Batista R. Harahap

Juggling 2010 for 2011

It is now the 28th day of December 2010, rounding up to be one of the most inspiring year I have had so far. This year, a multitude of blessings and opportunities presented themselves to a point where I feel I am a child again this December excited about what I'm gonna get this Christmas. It is not without a great deal of struggle, that is a definition of me.

Looking back to 1996, I had my first Yahoo account. It was then Geocities.com, a website providing free website service for just about anyone interested. Back in the days, offering something free on the Internet is considered a lunatic. Well over the years, the web proved skeptics wrong I suppose. Look at the big 4: Facebook, Google, Twitter and Yahoo, they're the very definition of success.

Nowadays, monetizing the Internet is getting smarter and smarter everyday. Directly or indirectly, startups create revenue channels. Either by ads or other means, the web has evolved to something bigger than anything we've come to expect. Indonesia is still an infant compared to other countries but all eyes are on us now. With only a penetration of just above 10%, we have managed to be the top users of any best seller website in the world.

While that's proof of how big and engaging the Indonesian market, still the traffic is monetized outside of Indonesia. We are still a nation of consumers with an amazing consumptive behavior especially in big cities like Jakarta. I had college friends from Singapore and Brunei telling me how bored they are with their own countries because of their nation's limited quantity in people. They've been through every corner of their country and to think or create something new to do is just not happening.

Here in Indonesia, we are blessed with an abundance of everything. From people, cars, bikes to culture, we are rich! The sad thing is that it is still not enough (for now) to trigger creativity that can lead to innovation. I'm just saying this generally because every day I see people with brands everywhere on their bodies and they're like robots. Not that I don't like it but it basically numbs you to think out of the box.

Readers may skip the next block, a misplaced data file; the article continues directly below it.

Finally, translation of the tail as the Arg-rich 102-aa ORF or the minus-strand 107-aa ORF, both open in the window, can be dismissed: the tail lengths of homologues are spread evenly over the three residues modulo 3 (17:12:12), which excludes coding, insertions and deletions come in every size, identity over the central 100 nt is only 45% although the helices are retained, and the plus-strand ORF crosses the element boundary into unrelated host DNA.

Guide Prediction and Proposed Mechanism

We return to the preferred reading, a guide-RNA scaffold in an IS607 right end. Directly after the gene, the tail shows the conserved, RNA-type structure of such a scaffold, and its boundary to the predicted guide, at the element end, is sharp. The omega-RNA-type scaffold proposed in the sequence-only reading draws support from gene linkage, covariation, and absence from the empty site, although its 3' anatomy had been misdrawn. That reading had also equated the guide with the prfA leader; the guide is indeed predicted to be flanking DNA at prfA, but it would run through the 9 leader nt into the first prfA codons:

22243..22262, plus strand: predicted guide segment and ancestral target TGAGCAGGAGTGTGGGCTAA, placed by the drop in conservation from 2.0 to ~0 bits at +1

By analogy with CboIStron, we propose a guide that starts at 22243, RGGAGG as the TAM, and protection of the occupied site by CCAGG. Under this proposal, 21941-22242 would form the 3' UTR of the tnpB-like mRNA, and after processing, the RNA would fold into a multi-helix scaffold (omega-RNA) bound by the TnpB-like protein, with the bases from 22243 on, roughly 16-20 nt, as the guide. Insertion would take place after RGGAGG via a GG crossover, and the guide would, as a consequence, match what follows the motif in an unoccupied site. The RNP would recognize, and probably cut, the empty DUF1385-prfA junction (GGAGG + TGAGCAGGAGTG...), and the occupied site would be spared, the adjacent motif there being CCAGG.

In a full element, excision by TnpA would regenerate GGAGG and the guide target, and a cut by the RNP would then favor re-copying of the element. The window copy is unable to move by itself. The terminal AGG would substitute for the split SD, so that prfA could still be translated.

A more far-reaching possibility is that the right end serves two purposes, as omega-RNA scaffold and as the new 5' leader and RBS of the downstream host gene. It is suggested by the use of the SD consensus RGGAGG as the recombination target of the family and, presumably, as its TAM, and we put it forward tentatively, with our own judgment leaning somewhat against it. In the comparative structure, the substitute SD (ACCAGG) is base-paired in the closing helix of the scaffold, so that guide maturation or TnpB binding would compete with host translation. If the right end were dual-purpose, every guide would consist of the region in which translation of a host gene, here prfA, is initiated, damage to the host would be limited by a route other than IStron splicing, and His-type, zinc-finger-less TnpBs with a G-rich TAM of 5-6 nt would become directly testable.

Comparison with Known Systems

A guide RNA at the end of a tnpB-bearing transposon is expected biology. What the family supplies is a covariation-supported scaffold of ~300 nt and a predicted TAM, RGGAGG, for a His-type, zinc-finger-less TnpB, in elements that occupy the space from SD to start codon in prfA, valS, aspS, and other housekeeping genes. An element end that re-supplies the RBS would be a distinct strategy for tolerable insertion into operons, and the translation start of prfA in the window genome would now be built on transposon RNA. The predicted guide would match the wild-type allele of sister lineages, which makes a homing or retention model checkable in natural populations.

Compared to the general population, there are so few entrepreneurs and not to mention those whose success level are off the chart, they are a commodity in Indonesia rare and sometimes untouched. I have a habit of choosing the path that is not easy. It's not something I intended but that's just me. From something new and most likely difficult to comprehend at the time, I feel the challenge to understand at minimum. Whether I can capitalize on it is another story. Like an investment, values grow over time.

I've been lucky enough to be able to do whatever it is I wanna do. Appreciation is due to friends and family for their never ending patience of seeing me do things they can't understand at the time. The most important lesson is that I had the chance to explore myself and therefore knows my own limitation and boundaries. Technically, every one of us have the ability to compete but then it's not all that. I learned that the most important part of being technical is to brand it into yourself and to others.

My first Hello World was in a very early age, I was at my 2nd or 3rd grade in elementary school where my family bought a new 8088 XT with 5.25" disks. It was state of the art at the time and I was amazed by it. My dad played Digger and I learned how to play it. Got really excited to understand how sometimes the monitor is monochrome but when you play Digger, the colors appeared.